One of the primary things I’ve learned over the past twelve years working in the nonprofit space is that, first, we know how to solve many of the challenges we face–climate change, poverty, you name it. And second, that we […]
When I started Capital Good Fund, in February of 2009, together with Mollie West and with the guidance of Alan Harlam, I was woefully unprepared for running a nonprofit financial institution. At the time, I was 24 and had precisely […]
After another week of mass shootings and police murder of unarmed Black men and boys; of despicable voter suppression laws; of political cowardice; and of corporate doublespeak, I’ve had it. For how much longer are we going to pretend that […]
Capital Good Fund’s role is not to prove that one can do well and do good. No, we are here to prove that one can do good, provided what many called an “integrated capital” approach: a mix of grants, low-interest debt, loan guarantees, and good public policy.
I am a wealthy god who cares about the poor.
I’ve built them shopping malls to worship me,
paid for stained-glass windows to let in a little light
filtered in my image, crafted search engines to ask
for things I am too wise to give away:
Celebrating the birthday of a nonprofit you founded doesn’t have the same nostalgia-soaked feeling as your own birthday: rather than the bittersweet recollections of childhood, this celebration has the bracing feel of adulthood.
There are those who believe that corporations have but one purpose—to maximize profits. There are those who believe that business must be a force for good, using free-market principles primarily to serve people and the planet—also known as social enterprise.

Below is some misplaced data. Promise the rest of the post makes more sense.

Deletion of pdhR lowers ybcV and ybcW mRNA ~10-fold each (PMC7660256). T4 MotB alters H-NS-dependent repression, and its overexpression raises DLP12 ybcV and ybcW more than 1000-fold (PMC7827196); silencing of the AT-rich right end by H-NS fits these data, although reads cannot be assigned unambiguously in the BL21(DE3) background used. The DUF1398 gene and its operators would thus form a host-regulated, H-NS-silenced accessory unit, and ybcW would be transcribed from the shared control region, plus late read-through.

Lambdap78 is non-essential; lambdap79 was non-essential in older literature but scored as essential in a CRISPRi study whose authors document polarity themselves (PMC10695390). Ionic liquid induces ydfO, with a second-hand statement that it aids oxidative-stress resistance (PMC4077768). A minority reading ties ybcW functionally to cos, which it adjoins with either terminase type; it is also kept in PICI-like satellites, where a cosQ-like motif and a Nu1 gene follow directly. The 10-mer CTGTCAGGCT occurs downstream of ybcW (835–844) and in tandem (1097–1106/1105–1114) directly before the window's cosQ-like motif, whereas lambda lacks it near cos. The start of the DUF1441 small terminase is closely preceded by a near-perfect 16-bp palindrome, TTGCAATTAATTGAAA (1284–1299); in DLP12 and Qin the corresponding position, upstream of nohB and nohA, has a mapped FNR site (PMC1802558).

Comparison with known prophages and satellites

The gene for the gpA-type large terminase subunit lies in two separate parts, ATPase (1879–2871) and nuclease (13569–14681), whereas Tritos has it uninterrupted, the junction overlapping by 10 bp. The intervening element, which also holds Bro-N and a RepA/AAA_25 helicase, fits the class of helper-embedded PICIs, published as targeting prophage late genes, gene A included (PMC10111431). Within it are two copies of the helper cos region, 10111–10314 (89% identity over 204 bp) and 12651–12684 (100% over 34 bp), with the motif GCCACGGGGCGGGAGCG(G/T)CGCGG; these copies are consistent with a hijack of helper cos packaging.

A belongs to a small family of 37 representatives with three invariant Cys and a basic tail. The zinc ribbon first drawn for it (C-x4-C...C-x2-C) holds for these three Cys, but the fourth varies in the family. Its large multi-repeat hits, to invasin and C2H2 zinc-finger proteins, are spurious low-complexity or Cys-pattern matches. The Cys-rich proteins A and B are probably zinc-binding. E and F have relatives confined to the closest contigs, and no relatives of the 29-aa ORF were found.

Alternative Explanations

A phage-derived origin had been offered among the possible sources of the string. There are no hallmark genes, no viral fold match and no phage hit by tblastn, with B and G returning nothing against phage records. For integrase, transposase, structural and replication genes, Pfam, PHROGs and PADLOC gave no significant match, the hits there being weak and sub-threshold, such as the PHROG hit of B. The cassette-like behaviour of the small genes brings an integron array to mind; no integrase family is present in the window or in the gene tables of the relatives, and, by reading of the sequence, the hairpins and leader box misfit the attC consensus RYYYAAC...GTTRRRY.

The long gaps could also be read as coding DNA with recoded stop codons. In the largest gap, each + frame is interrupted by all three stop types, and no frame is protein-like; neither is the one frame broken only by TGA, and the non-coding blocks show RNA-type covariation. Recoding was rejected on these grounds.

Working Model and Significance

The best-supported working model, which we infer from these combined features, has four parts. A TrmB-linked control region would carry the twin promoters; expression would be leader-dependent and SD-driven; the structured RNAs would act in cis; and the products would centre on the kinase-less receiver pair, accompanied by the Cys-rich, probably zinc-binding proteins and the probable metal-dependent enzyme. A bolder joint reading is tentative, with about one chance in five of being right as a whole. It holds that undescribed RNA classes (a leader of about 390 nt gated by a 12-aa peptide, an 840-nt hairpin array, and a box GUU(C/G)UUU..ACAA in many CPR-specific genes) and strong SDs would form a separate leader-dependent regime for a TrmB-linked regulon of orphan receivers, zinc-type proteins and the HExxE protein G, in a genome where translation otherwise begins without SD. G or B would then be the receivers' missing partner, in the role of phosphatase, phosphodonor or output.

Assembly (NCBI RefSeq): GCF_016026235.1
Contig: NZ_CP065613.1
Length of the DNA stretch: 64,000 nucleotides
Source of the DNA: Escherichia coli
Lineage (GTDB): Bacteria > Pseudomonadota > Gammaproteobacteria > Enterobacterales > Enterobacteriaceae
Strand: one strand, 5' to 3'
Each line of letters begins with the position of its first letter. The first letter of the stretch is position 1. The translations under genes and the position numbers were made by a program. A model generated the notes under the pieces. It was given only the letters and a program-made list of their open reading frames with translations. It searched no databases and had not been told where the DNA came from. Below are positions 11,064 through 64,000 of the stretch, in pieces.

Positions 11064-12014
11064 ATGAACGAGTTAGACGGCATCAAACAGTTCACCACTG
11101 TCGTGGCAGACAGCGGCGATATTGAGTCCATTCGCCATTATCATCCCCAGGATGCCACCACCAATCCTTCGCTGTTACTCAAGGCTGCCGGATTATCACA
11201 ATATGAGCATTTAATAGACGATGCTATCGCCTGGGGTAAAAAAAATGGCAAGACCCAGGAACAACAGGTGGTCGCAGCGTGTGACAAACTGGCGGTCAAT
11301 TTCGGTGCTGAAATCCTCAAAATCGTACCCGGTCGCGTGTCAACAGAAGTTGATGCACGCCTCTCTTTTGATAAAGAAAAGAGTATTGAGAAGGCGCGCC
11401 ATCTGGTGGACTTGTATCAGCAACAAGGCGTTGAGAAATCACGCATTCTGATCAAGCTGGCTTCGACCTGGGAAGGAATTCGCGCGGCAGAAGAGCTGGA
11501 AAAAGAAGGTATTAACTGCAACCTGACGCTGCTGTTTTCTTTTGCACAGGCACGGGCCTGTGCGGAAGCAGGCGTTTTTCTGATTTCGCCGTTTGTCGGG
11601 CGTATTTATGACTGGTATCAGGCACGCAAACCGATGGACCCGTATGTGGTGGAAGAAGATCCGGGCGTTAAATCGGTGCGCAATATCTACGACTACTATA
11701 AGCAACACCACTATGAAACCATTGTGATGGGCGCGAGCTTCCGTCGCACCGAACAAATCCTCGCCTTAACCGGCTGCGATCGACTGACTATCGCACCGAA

Thanks to my good friend Dima Trakovsky, who is an amazing filmmaker and the Co-Founder of his own production company, Filmkraft, I now have three short (1 – 3 minute) videos telling the story of three Capital Good Fund clients: Sherlie (Car Loan), Mamadou (Immigration Loan), and Ana (Immigration Loan). I embed them below. Enjoy!
Imagine I told you that by switching your money from one investment vehicle to another—with the click of a button!—you could not only earn the same return on your investment with the same level of risk as before, but also […]
We’ve all heard the Chinese proverb, “Give a poor [wo]man a fish and you feed her for a day. You teach her to fish and you give her an occupation that will feed her for a lifetime.” It’s a great concept, one that is popular with those who are more free market-oriented–they like the notion of hand-me-ups instead of hand-outs–as well as with those who tend toward socialism, as they like the idea of empowering the poor.